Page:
Wednesday. We’re at the hump.
Bruce Mohl ran the numbers on Uber and Lyft ridership during the pandemic. It wasn’t pretty.
PERF’s Chuck Wexler calls it an evolving crisis. Across the country, police are opting for early retirement, enmasse. At the same time, violent crime is rising. Sure sounds like an evolving crisis. And as they say, crisis is just another word for opportunity. It seems to me that people who feel strongly about police reform should now be submitting applications to their local departments, so they can be the change. We haven’t seen much of that so far. Or maybe the feds could set up a Peace Corps-like program for recruitment, training and certification that local police can hire from. (Right now, the military serves that purpose but that’s not sustainable.) In any case, we shouldn’t let this ‘crisis’ go to waste. There are some real opportunities at hand.
Remember BloggerCon? Dave Winer does. I do too. The first two were held at the Berkman Center at Harvard. Those were heady days. Then came Facebook and Twitter, etc. The rest is history. But some of us dinosaurs are still plugging away at independent blogs.
Eric Adams, the ex-New York cop who’s running for mayor, wants to stand out from the incumbent. But he still may get de Blasio’s endorsement, whether he wants it or not.
And meet the new Windows. Looks a lot like the old Windows.
Thursday. Almost there. Today is National Rescue Dog Day.
Animals laugh. Even killer whales. I did not know that.
The American Press Institute tells us that journalism is distinct and more valuable than most of the information we’re inundated with these days. “That value flows from its purpose, to provide people with verified information they can use to make better decisions, and its practices, the most important of which is a systematic process – a discipline of verification – that journalists use to find not just the facts, but also the “truth about the facts.”” Then there’s this unfortunate Globe story and headline. It’s not journalism by that definition. It’s more rumor mongering and conspiracy theorizing, like something you would get from Infowars or the Daily Caller. What’s happening at the Globe these days?
Photojournalism is hard enough even with a good camera. But try using a Soviet-era manual focus Zenit. This guy did and was still able to produce many publishable photos.
Bitcoin or Ethereum? Neither is doing so well these days, but over the long term, which crypto will be the better store of value? Michael McGuinness has some thoughts.
And remember those computer renders of a proposed park floating in the Hudson River? The park is now open. It’s called Little Island and although the real park doesn’t quite match up to the renders (they never do), it is still pretty impressive. All paid for by Barry Diller.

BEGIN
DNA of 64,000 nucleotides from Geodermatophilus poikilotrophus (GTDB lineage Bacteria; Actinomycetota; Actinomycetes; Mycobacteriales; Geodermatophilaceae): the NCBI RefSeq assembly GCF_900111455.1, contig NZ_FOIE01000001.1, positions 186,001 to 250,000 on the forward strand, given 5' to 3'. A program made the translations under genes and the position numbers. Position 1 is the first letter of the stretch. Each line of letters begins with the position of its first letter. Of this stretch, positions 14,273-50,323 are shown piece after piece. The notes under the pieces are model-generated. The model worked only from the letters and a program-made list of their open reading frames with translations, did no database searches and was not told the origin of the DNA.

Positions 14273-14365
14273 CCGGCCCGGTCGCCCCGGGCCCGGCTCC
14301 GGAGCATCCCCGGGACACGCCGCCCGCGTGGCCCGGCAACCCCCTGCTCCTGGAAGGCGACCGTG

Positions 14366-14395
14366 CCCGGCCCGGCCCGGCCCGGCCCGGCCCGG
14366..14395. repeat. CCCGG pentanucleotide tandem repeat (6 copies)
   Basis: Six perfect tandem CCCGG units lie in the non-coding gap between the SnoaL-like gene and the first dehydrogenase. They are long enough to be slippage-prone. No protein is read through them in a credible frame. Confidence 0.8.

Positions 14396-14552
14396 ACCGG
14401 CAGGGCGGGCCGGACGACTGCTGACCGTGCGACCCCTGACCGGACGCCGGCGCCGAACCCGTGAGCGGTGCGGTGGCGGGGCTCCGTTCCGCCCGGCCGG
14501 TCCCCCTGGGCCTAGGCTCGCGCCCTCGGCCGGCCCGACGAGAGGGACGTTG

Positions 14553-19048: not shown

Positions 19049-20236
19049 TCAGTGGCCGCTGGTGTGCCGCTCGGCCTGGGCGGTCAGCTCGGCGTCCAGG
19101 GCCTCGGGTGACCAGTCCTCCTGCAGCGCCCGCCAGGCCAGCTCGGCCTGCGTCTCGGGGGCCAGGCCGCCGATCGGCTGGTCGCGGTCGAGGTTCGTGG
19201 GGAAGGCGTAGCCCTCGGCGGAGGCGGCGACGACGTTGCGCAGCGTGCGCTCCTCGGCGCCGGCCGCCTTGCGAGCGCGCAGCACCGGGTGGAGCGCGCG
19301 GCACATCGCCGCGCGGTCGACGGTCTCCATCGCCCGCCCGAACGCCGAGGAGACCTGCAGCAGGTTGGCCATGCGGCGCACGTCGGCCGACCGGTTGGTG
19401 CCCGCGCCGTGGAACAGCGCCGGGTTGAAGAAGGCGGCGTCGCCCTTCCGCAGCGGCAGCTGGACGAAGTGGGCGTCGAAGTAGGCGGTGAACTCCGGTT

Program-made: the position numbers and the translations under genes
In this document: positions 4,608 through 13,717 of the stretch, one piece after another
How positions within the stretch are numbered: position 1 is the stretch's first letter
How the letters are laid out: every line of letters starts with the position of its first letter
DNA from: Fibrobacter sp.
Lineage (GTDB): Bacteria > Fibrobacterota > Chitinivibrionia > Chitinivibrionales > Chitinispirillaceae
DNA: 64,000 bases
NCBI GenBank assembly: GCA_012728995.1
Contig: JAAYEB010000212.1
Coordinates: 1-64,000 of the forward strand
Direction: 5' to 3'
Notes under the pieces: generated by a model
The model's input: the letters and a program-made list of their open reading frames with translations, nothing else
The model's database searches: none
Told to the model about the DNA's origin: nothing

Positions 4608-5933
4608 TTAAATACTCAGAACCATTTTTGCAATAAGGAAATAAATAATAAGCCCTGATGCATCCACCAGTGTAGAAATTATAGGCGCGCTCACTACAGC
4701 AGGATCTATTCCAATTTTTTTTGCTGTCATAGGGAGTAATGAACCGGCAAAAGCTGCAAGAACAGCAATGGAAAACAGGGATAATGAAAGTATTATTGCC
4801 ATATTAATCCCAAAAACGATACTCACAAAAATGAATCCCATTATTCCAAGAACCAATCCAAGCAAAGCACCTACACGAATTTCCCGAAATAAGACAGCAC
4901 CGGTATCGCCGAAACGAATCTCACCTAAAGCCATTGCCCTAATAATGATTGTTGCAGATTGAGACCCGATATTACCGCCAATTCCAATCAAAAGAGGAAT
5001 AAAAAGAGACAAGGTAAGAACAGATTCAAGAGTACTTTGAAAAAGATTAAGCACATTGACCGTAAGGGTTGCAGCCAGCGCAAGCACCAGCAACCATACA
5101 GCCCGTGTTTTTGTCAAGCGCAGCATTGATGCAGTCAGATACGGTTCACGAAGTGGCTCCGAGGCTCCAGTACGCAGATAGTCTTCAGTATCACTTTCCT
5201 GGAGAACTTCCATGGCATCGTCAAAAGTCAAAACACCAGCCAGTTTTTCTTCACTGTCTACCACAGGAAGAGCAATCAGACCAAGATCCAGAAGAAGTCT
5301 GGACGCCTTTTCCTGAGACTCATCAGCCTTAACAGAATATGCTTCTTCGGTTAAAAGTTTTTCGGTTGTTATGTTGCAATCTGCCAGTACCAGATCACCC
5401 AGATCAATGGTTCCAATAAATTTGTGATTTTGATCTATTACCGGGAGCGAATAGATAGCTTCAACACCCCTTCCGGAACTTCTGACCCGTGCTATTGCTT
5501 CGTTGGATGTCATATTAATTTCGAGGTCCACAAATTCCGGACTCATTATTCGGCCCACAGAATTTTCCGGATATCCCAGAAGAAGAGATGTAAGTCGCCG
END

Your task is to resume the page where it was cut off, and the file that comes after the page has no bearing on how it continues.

A Monday. Today is Elliot Ness‘s birthday.
Scientists at MIT can tell you what happened a millionth of a second after the Big Bang but they can’t tell you when it’s going to snow in Inman Square. Marc Levy suggests that the eggheads on Mass Ave should focus less on the big questions and more on the little, local ones.
I’ve lost two vaccine cards so far. I may be careless but I’m still vaccinated. It’s no big deal.
Andrew Yang is up in the polls for mayor of New York, at least among older Democrats. His Republican opponent is likely to be Guardian Angel Curtis Sliwa.
A Globe story by Sean Murphy asks, ‘Is a CarShield extended car warranty worth the money?’ I think you know the answer, especially for the one being pitched by Chris Berman and Ice-T.
And there’s a helicopter flying around on Mars. Quite a thing.
Good morning. It’s going to be a mild Thursday.
Andrew Yang is running for mayor of New York and, at least according to this headline, he has some concerns about Zoom. Apart from that, his platform sounds pretty good.
Workers in grocery stores hung in there during the pandemic, dealing with maskless customers acting out over toilet paper. It’s past time that we get them vaccinated, along with the teachers and nurses. It’s only right, right?
Faster than light warp drives were a science fiction thing. But now scientists have worked out how to actually build one. Here’s Sabine Hossenfelder to explain.
Boston traffic has apparently improved. Last year we had the distinction of having the worst traffic in the US. But in the latest rankings we’ve dropped to number 4 nationally, 36th globally, putting us behind backwaters like Zagreb and Rostov-on-Don in congestion. Come on, we can do better than that.
And a Bloomberg story from yesterday has been updated to reflect that the police video system that was hacked was not in Stoughton, MA, but Stoughton, Wisconsin. So close.
Monday. This week is in like a lion.
One company, in Taiwan, produces most of the microchips needed to build all of the cars in America. What could possibly go wrong?
Massachusetts is moving into a new phase of reopenings today. Restaurant owners are happy but the governor seems to be at odds with some healthcare leaders interviewed by the Globe, who argue for a slower approach. Other experts interviewed by the New York Times were more optimistic about the coming months.
Universal Hub reports that someone who lives in the Seaport complained to the City of Boston about a loud and obnoxious Lamborghini driver in the neighborhood, asking them to send police to enforce the speeding and noise rules. But there’s only one problem: Boston Police don’t have jurisdiction in that part of Boston. Weird, I know.